Water, water everywhere, Nor any drop to drink” — the verse from Samuel Coleridge’s famous The Rime of the Ancient Mariner could describe the life of Komola Mondol, a villager on the coast of southern Bangladesh.
Born in Satkhira district, the 46-year-old Hindu woman lives in neighboring Khulna district with her husband, one son and two daughters.
Both districts lie at the mouth of rivers that flow through the dense Sundarbans mangrove forest and directly connect to the mighty Bay of Bengal.
Throughout her life, Mondol has seen how badly people suffer from an acute lack of water for drinking and daily living, largely due to the intrusion of saline water from the sea.
“In our paternal home we used to dig holes on the sands of the river to get drinkable water or walk miles to fetch water from a pond. Here, we collect water three times a day from a Baptist church about two kilometers away which has a filtered water supply system,” she told ucanews.com.
Mondol or her husband need to queue for hours to get water. “Both of us are day laborers, so every day we waste a lot of time collecting water. It is painful but we have no other option,” she said.
Catholic charity Caritas Khulna dug a large pond in the family’s village in February to overcome the water shortage, but it is still not in operation.
“We are waiting for the rainy season to fill up the pond so that we can use the water from there and reduce our misery,” Mondol added.
Modhu Biswas, 30, a Baptist Christian from Shomorio Christian Para, a neighboring village in Khulna, faced the same problem until recently.
“For years all 30 families in the village had to walk five kilometers to collect drinking water. Villagers there were unhappy to share water with us. We had to endure humiliation to get water,” Biswas told ucanews.com.
Three months ago, Caritas Khulna used funding from Caritas Germany to transform a stagnant pond into a reservoir that now supplies water for 400-500 people within two kilometers.
Climate change, salinity and water crisis
Finding a supply of pure water is an everyday problem for coastal villagers. In other parts of Bangladesh, groundwater from tube wells and deep wells, set up by the government or privately, are common sources of safe water.
The high level of salinity in groundwater in coastal areas makes it undrinkable. For the same reason, river water is also unusable.
Ponds and water tanks have been set up by the government and aid agencies like Caritas to preserve rainwater for filtering and daily use in some villages. The system is inadequate but villagers try to keep their body and soul together with what they have.
The problem reaches boiling point during winter and summer when rainfall stops and most of the surface water sources dry up.
The increasing intrusion of saline water is an effect of climate change, according to Tanvir Ahmed Chowdhury, an assistant professor in the soil, water and environment department at Dhaka University.
“Our research and observation show that in coastal areas the level of salinity is on the rise, and it is also on the rise in groundwater. One of the reasons is inundation of more areas during high tide. Upstream water flow is going down and downstream flow is increasing,” Chowdhury, who also hails from Khulna district, told ucanews.com.
“Climate change takes time to occur and it is happening slowly but steadily in the coastal region. Initially, we cannot do much about it, but the government has a deltaic plan for climate change adaption and mitigation, which requires long and meticulous efforts and execution.”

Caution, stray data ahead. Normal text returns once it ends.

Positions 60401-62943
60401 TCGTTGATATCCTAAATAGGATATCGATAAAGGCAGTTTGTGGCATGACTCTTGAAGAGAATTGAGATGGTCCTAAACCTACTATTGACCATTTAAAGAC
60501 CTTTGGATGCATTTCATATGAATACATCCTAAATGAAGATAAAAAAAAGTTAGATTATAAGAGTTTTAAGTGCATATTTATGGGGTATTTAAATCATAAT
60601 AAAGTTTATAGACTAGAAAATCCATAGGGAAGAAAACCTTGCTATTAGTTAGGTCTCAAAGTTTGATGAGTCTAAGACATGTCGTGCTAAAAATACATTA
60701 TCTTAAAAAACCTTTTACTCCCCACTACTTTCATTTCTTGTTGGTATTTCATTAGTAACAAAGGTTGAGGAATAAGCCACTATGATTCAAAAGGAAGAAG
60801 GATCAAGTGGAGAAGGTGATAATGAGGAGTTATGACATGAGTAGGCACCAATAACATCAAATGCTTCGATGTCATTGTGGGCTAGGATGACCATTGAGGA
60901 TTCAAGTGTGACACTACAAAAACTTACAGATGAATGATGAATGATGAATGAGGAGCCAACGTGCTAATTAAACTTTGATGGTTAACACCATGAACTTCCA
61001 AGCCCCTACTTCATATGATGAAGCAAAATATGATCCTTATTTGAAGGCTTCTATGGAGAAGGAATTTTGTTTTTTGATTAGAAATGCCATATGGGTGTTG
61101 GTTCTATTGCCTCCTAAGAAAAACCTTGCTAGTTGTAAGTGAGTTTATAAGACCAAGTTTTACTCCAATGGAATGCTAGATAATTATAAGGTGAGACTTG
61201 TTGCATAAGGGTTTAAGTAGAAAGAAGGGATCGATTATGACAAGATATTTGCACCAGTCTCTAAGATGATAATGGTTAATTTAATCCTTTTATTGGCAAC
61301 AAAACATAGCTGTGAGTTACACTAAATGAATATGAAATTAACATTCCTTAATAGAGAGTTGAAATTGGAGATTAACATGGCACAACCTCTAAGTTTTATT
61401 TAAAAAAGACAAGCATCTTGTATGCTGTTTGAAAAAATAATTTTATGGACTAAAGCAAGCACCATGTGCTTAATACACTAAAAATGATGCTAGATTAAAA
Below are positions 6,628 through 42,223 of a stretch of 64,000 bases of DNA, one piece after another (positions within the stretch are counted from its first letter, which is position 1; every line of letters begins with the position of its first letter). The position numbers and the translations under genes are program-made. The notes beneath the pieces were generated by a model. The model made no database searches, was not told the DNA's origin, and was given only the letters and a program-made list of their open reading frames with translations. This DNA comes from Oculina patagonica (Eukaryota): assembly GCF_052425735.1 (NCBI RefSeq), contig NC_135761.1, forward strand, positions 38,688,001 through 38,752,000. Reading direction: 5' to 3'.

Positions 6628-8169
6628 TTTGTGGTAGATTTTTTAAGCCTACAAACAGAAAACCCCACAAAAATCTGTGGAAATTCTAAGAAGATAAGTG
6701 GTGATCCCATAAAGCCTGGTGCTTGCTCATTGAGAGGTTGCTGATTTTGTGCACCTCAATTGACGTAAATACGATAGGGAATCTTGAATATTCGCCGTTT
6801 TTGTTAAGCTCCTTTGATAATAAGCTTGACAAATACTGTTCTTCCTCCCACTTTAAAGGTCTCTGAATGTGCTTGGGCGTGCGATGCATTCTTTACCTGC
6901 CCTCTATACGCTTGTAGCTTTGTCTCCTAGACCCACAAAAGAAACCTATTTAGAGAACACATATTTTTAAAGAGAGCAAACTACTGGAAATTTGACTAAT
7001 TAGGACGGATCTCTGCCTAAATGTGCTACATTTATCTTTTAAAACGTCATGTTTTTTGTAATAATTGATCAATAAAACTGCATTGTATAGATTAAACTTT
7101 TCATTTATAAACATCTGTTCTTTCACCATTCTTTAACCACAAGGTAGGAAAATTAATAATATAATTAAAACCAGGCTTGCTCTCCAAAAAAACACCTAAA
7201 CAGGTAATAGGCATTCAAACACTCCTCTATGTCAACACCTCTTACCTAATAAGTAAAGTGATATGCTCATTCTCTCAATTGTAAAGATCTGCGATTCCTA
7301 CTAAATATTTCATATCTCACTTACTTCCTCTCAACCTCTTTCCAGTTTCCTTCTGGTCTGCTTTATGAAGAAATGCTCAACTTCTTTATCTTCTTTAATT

Sumon Malakar, a program officer for the Sustainable Food Security and Livelihood Project under Caritas Khulna, said coastal villagers suffer from unbearable misery due to a lack of clean water during the dry season.
“There is a huge hue and cry in communities during dry season. Sometimes people drink unfiltered water from ponds, suffer from diseases and die from waterborne diseases,” Malakar, based in Satkhira district, told ucanews.com.
Government officials say efforts are being made to reduce the suffering of coastal villagers.
“About 70 percent of people drink from water ponds and water tanks all the year round, so we have prioritized digging ponds and setting up water tanks that can preserve rainwater in villages. We are also collaborating with NGOs in this regard,” said Mustafizur Rahman, an assistant engineer in the public health engineering department in Satkhira district.
Caritas strives for climate change adaption
Jibon D. Das, regional director of Caritas Khulna, says the agency is running various projects to help people cope with climate change effects including the water crisis.
“We have 18 running projects directly and indirectly related to help people cope with the impacts of climate change. We have dug innumerable ponds and set up thousands of water tanks in villages, not just for drinking water but also for irrigation. Some 200,000 people are benefiting from Caritas initiatives,” Das told ucanews.com.
Caritas also provides water filtering systems and water purification tablets. “The coastal region is a priority area for us, so we are always careful to strive for means that can reduce the suffering of the community,” Das added.
Low-lying Bangladesh is located on floodplains of the world’s largest river delta system that empties into the Bay of Bengal, making the country of more than 160 million vulnerable to natural disasters such as cyclones, tidal surges and flooding.
Various studies regularly list Bangladesh as among the most vulnerable countries to climate change.
Climate scientists warn that a predicted sea level rise due to global warming and the melting of polar icebergs by 2050 has the potential to wipe away the entire coastal region of Bangladesh and displace about 20 million people.